My Time With An “Instagram Therapist”

I have been in therapy, pretty consistently, for eight years. In that time, I’ve seen a few different therapists. Usually these are people that I’ve heard about from friends or even referrals from other practitioners.

But a couple years ago, I decided to take a leap of faith. I’d been working with my therapist for around 6 years and felt like it was time to shake it up. So, I googled for eating disorder therapists near where I lived at the time.

And next thing you know, I have an intake with a therapist that, apparently, everyone knows.

With thousands of Facebook friends and an Instagram following over 30k, it was impossible to have not at least have heard of her.

Naturally, I thought this would be the perfect situation. Someone who is known for helping people. Someone who thousands listen to. Someone who knows what they’re doing.

But looking back, her being “Insta Famous” led to block out a lot of red flags and boundary issues.

For example, we remained Facebook friends throughout our therapeutic relationship. Where I saw her post about things we did in session (with mention of the country I was abroad in at the time). Which means I often fielded texts from my friends in recovery telling me they knew about my session.

By the end of our time working together, I had edited her website, advised her on people to hire for her practice, and had heard about her trauma history.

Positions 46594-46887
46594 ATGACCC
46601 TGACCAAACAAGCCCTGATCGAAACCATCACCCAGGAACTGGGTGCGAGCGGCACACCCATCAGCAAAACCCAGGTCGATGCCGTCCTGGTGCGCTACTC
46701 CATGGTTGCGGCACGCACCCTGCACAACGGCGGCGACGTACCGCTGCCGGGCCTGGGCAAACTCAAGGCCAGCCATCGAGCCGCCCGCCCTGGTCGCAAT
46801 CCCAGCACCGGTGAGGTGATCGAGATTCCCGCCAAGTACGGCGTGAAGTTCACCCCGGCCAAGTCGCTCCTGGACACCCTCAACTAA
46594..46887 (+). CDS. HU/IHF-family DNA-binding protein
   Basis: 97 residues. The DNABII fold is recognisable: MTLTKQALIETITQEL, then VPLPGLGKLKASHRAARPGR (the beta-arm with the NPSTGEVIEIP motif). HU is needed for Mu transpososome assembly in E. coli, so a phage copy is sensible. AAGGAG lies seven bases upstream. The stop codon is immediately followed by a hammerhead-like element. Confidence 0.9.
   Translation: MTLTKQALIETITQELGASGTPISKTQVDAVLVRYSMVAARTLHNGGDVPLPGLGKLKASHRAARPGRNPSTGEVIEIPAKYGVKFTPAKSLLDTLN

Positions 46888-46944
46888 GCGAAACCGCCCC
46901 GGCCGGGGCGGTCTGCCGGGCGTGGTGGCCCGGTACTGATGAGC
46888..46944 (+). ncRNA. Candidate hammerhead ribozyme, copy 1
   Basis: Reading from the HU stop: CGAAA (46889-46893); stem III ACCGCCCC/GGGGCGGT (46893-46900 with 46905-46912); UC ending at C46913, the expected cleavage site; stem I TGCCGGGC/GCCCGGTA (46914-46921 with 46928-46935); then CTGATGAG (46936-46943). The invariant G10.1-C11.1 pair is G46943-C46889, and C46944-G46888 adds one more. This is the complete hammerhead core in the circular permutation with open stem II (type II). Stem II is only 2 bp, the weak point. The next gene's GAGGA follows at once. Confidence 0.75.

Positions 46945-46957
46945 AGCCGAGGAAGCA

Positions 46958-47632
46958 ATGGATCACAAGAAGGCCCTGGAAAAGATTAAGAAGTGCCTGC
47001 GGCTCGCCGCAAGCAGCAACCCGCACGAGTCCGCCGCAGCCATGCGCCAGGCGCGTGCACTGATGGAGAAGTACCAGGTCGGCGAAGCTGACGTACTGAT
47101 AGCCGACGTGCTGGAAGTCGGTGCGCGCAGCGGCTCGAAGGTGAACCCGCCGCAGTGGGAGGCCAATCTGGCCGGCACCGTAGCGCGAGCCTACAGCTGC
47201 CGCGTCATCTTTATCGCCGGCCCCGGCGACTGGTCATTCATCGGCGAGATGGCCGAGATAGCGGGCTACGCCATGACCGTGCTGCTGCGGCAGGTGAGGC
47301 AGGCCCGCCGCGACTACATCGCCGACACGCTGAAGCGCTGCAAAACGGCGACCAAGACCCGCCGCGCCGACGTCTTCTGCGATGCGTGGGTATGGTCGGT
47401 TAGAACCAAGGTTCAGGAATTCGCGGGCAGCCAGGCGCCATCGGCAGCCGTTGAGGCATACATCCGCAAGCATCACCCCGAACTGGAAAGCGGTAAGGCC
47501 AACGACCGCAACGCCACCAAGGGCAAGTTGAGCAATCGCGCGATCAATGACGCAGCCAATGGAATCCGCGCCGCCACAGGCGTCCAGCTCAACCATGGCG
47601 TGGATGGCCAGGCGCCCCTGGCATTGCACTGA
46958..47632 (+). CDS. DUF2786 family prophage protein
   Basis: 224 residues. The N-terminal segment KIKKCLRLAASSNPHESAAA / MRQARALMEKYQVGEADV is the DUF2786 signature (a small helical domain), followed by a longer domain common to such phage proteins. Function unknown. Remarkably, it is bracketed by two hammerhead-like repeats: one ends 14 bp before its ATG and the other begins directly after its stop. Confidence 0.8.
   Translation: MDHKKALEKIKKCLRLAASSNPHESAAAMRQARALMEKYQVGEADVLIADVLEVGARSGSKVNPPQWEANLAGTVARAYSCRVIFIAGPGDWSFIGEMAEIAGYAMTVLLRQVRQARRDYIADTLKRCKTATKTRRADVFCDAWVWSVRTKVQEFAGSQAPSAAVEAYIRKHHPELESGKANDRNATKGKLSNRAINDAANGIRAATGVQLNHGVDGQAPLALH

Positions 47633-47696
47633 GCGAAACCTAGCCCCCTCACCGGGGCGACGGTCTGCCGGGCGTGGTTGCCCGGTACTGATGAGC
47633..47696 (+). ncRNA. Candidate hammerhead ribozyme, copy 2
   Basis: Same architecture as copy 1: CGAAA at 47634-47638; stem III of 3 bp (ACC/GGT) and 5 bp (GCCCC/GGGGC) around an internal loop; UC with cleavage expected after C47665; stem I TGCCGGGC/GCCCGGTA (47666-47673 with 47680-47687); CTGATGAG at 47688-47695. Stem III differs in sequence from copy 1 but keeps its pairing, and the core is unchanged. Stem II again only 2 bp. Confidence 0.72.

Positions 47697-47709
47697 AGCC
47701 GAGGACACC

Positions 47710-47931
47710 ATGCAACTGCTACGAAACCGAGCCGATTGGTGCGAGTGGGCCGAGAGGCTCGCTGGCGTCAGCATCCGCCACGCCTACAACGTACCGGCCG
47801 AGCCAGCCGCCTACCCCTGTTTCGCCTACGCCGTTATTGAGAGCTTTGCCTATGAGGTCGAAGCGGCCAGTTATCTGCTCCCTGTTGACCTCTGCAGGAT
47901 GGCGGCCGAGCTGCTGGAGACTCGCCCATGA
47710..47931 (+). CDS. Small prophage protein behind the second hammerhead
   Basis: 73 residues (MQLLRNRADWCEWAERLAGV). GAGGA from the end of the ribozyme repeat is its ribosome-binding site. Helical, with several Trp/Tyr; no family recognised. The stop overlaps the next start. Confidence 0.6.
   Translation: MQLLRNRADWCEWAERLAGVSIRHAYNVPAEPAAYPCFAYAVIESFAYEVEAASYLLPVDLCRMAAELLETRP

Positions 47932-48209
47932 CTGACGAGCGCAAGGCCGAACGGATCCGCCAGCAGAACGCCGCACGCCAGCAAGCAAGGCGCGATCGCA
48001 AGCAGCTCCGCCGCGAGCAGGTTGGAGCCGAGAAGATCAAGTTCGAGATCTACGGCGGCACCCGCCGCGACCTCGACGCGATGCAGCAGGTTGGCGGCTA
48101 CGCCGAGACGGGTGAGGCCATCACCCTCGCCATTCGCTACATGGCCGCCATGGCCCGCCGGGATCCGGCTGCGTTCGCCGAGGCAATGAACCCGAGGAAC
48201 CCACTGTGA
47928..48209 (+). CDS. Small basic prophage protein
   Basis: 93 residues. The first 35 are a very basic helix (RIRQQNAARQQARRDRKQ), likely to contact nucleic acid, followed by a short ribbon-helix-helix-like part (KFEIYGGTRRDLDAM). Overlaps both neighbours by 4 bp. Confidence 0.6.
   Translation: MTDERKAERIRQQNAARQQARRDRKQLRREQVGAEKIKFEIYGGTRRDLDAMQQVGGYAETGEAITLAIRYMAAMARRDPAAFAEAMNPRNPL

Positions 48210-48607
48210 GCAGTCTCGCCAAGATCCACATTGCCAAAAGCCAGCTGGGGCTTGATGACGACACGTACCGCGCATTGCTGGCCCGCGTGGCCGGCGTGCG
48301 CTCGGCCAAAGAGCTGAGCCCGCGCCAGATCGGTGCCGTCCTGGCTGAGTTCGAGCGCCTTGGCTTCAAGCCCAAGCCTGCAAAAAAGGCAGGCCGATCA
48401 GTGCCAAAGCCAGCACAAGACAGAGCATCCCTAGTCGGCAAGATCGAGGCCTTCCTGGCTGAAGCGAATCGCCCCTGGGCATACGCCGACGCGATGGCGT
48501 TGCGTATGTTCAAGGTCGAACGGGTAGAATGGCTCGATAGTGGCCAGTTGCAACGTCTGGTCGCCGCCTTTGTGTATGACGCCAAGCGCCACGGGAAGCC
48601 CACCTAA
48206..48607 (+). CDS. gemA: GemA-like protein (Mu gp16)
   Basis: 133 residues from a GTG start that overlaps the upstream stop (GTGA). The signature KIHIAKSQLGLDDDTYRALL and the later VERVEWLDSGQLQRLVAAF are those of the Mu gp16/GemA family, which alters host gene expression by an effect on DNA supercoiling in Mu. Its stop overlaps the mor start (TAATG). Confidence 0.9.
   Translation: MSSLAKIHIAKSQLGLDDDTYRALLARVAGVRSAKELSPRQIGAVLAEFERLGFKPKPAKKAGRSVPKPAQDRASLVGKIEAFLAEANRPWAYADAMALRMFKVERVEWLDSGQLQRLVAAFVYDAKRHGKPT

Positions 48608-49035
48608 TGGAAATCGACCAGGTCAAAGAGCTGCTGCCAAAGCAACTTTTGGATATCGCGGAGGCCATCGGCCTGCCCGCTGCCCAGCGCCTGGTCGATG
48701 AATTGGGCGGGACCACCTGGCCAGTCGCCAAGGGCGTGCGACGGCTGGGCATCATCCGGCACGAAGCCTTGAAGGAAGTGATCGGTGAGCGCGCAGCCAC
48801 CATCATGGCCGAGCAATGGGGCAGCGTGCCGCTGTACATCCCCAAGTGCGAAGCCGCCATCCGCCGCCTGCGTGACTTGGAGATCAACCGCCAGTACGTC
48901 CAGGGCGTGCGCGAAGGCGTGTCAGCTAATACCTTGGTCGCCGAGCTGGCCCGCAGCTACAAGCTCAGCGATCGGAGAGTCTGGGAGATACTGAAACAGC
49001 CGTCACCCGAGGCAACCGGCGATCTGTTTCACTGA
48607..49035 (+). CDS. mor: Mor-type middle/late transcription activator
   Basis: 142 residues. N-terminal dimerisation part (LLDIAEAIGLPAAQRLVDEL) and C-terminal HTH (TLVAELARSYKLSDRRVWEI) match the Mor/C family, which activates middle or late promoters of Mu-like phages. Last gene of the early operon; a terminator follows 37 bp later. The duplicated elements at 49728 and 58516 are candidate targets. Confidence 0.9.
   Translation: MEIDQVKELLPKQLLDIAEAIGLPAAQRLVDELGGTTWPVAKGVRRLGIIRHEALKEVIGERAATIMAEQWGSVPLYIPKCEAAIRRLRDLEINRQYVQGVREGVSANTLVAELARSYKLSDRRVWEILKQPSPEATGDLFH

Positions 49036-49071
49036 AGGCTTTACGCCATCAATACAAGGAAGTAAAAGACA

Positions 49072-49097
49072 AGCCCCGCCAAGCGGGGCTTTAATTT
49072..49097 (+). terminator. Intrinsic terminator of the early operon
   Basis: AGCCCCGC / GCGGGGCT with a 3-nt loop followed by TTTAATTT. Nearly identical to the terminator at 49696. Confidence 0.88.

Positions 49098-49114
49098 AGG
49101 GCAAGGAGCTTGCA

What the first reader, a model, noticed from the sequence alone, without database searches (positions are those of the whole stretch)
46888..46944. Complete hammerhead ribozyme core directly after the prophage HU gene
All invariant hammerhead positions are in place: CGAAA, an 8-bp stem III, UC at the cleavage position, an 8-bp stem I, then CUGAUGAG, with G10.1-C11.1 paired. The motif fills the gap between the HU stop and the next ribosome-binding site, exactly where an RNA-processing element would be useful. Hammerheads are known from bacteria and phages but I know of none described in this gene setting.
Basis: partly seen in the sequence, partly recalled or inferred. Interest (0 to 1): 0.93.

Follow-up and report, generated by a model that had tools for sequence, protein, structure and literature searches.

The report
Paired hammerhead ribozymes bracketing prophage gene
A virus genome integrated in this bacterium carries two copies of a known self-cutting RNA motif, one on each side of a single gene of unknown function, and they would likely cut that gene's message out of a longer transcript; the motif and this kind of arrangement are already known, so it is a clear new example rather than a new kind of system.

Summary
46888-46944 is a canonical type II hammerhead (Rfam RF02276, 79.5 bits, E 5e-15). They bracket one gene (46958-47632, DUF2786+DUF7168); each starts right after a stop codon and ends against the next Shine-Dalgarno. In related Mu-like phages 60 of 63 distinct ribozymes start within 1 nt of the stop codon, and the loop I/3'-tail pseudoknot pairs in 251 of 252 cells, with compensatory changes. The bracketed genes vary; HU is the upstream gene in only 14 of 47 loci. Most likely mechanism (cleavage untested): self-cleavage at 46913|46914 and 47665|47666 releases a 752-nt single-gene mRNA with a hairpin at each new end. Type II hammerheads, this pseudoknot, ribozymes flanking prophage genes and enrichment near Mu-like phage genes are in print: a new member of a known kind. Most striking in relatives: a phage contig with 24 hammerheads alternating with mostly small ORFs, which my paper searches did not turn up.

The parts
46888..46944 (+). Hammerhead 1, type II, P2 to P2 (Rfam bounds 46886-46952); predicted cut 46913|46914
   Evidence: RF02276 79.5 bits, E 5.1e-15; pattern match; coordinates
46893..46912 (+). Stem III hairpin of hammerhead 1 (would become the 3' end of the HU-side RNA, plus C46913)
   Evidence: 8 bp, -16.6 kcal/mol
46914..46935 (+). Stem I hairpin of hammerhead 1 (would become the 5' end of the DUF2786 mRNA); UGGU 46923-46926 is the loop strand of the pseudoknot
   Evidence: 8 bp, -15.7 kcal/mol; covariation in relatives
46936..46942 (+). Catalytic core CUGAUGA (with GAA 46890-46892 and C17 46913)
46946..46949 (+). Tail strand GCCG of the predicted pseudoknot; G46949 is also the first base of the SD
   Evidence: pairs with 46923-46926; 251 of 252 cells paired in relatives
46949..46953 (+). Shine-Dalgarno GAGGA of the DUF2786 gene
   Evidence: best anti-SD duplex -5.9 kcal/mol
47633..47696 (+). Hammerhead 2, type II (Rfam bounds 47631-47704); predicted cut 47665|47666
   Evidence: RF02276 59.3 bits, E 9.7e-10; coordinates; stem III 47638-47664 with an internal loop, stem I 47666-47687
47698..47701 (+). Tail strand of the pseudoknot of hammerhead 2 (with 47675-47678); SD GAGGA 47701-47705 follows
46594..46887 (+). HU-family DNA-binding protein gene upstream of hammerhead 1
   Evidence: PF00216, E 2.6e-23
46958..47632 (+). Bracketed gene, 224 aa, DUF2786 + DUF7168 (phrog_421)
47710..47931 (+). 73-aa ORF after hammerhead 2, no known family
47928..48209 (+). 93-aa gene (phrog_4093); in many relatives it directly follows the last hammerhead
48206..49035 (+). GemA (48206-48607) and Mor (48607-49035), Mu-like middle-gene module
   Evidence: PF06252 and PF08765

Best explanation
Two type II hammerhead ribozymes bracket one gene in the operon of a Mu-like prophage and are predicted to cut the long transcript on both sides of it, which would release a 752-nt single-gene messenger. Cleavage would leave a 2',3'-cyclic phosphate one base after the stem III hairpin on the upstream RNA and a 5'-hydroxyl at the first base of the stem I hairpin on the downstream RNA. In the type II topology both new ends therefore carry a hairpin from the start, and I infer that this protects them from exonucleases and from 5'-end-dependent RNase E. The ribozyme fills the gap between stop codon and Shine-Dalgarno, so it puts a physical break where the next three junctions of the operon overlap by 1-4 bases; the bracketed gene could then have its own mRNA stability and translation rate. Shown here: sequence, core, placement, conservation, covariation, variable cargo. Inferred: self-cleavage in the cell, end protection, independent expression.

All of a sudden, I felt a lot like this relationship for more beneficial for her business than it was for my mental health.

So, I terminated my relationship with her.

When I told people that I had stopped working with this therapist, they were SHOCKED. After all, I had gotten a chance to work one with one the most prominent therapists in the eating disorder world. How could I turn that away?

And the answer is simple. Because she’s a person. A person who a lot of people like to follow and quote. But still, just a person. Not a recovery fairy or the world’s greatest therapist.

I unfriended her on Facebook and I unfollowed her on Instagram. And I went back to my not famous but kickass therapist.

In reality, I got caught up in hype. And when I took off the rose colored glasses, I got cut by the glass.

Now, that part of my life serves as a reminder. That people are people. Regardless of they’re followers. They’re just imperfect humans trying to exist the best they can.

Eating Disorder Recovery. Adventure Seeker. Live Well, Travel Often.

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